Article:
26. Hi Jenn and Matt. My husband and I will be traveling to Costa Rica the first two weeks of October we already have a rental car booked but are still very nervous. We will be driving from San Jose airport to Arenal volcano then from there to playa De panama and back to San Jose for the flight home. Do you know much about these roads and if its doable for first time Costa Rica drivers or would setting up a driver be more sensible? Thank you for all your great advice for new CR travelers!!

    1. Hi Jenna, Those are all well traveled roads that are definitely doable for first-timers. The one thing to watch out for since you’re traveling during the rainy season is landslides depending on which way you go to Arenal (702 is a common route and a good road but it sometimes has washouts in small sections if there is heavy rain). From there to Playa Panama is good roads with some windy sections around Lake Arenal, but it’s all paved. We’re actually working on a post now about conditions on the different roads in Costa Rica that will help you a lot. Maybe check back on our website mid next week or you can subscribe to our blog (click here) to get it sent to your email.

      I don’t think we’ll cover the secondary road to Playa Panama in that post (Route 254, which is what you take from Route 21), but that road is paved and in very good shape too. Just make sure to allow plenty of time to get between destinations in case you get caught in a rainstorm, avoid driving after dark, and use a GPS or maps apps like Waze or Google because signage isn’t always great. A hard copy map is a good idea too! This one covers pretty much the whole country. Try not to worry – driving is the best way to see the country and it will be a fun adventure!

  27. Hi Jenn and Matt,

    Our flight arrives at 8:45 pm at SJO in January. We will stay in Alajuela overnight and head to Ojachal the next day. Would it be better to take shuttle to the hotel on the first night and pick up rental car the next day? What are the driving conditions around SJO at night? We are also driving to Sierpi and wondering if we could leave rental car parked for 5 nights while we are in Drake Bay. Thank you very much. Your website has been very helpful and has motivated us to visit Costa Rica.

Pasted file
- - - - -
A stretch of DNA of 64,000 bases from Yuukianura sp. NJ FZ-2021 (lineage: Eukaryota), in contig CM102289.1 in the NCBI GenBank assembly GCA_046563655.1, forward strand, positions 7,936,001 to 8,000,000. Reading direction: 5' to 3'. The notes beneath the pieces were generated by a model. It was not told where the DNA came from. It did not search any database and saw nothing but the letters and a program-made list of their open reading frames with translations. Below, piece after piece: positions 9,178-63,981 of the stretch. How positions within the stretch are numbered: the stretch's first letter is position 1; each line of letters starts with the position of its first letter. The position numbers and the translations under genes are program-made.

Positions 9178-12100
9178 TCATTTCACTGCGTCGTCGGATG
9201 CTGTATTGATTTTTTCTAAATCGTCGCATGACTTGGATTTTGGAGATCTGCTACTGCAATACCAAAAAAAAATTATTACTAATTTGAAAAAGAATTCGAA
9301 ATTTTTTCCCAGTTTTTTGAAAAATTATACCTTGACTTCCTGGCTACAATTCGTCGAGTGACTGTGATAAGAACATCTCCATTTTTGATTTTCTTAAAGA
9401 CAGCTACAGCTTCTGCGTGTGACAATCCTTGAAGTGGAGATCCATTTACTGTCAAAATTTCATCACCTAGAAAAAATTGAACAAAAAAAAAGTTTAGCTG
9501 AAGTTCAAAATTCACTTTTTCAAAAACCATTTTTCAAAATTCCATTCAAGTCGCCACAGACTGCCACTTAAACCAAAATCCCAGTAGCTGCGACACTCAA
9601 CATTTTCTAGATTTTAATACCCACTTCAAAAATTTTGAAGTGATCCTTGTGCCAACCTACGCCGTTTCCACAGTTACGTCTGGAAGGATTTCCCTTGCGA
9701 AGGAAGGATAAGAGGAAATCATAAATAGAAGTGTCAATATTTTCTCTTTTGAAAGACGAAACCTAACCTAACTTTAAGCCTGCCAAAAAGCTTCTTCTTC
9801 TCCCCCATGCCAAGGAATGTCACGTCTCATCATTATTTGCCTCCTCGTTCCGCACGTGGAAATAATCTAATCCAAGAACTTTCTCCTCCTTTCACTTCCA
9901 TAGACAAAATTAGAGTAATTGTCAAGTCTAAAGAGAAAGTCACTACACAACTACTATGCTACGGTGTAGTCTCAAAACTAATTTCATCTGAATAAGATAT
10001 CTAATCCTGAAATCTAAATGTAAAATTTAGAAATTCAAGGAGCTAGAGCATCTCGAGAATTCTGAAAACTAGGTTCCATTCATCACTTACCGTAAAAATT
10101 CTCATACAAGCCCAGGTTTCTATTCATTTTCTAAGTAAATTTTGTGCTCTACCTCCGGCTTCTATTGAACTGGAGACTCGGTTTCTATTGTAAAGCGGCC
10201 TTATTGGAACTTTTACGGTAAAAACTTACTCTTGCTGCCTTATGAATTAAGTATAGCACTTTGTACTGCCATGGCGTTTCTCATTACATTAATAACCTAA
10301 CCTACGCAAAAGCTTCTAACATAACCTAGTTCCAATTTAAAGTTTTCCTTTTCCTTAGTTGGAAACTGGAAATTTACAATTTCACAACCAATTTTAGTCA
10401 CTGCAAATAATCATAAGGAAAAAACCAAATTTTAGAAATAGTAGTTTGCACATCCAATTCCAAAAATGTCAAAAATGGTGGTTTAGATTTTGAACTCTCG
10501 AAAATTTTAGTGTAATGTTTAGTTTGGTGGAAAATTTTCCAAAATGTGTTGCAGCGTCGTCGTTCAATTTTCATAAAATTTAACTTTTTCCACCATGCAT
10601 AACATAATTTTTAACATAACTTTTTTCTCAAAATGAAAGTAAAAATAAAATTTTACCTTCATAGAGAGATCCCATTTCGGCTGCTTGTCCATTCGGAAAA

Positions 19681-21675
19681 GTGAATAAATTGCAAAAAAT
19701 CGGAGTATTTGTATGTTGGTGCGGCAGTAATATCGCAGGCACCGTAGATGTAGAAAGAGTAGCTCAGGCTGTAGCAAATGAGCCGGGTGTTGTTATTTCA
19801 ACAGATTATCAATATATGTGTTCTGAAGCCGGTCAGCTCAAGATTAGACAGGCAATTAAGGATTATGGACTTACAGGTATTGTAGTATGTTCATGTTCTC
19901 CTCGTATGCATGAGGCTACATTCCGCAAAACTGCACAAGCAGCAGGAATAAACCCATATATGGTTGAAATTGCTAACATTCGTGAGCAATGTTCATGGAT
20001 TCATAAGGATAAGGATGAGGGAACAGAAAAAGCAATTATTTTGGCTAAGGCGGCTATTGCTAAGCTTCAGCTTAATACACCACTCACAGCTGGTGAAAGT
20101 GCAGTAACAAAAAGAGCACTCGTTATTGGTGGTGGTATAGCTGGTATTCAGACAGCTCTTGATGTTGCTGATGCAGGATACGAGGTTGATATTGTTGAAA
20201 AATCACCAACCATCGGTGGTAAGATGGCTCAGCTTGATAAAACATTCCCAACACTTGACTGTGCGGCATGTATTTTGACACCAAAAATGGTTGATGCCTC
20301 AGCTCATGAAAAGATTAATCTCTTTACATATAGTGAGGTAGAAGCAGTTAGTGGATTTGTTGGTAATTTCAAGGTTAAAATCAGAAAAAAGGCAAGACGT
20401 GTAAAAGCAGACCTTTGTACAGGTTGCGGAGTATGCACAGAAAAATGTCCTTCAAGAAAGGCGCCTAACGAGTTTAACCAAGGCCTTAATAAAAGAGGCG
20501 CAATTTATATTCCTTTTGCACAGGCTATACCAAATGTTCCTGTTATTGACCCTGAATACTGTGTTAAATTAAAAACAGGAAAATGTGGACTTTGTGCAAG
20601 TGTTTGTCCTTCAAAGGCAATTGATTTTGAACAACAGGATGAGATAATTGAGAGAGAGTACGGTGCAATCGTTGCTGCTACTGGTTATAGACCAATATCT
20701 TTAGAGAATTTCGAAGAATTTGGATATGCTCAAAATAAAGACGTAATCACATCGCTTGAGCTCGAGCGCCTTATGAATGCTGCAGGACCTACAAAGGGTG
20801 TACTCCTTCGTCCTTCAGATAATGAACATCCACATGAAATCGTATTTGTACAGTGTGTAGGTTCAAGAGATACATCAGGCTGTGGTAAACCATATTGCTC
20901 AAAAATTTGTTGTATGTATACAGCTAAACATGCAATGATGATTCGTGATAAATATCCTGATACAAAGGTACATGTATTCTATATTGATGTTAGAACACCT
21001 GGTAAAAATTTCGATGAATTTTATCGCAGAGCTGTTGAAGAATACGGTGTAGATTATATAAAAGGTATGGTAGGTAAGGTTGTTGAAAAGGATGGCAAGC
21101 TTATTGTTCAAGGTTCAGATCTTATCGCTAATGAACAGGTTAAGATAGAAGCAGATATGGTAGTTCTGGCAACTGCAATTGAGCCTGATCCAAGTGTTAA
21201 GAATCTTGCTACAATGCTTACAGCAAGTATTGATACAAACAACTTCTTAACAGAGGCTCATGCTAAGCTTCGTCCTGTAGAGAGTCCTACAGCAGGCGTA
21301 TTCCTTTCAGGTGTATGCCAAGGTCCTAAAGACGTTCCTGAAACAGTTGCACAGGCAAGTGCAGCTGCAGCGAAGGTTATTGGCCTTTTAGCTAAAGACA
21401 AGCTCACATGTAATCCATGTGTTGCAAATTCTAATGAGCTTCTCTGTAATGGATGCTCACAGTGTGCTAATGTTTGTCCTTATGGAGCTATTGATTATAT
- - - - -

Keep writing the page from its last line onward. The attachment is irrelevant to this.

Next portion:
1. Hi Lucy, Some of the rental car companies will deliver your car to your hotel so doing that the morning after you arrive will probably be the easiest. That way you don’t have to drive at night or pay for the car the first night when you don’t really need it. The company we work with, Adobe Rent a Car, offers free delivery to hotels near the airport. If you haven’t booked a car yet, you can learn more about Adobe and our discount through them here.

      Yes, you can leave your car parked in a guarded lot in Sierpe while you’re in Drake – we have done it before without any problems. Our Drake Bay post has more info about the parking situation there, cost, etc. (scroll to the Boat Taxi section). Also, we just wanted to mention in case you end up deciding to fly from Drake back to San Jose after, you could also arrange to drop off the car in Sierpe before you go to Drake. There are no rental offices there, but Adobe and a couple of the other companies will come pick up the car for a small fee. Just something to think about since it’s a bit of a drive back to San Jose. Have a good trip!

      1. Great!! I did read about the Drake Bay posts and I wanted to make sure the parking situation is the same. We will be driving to San Gerardo de Dota after Drake Bay to break up the drive. I have looked into Adobe for car rental and will reserve this week. Thank you again !!!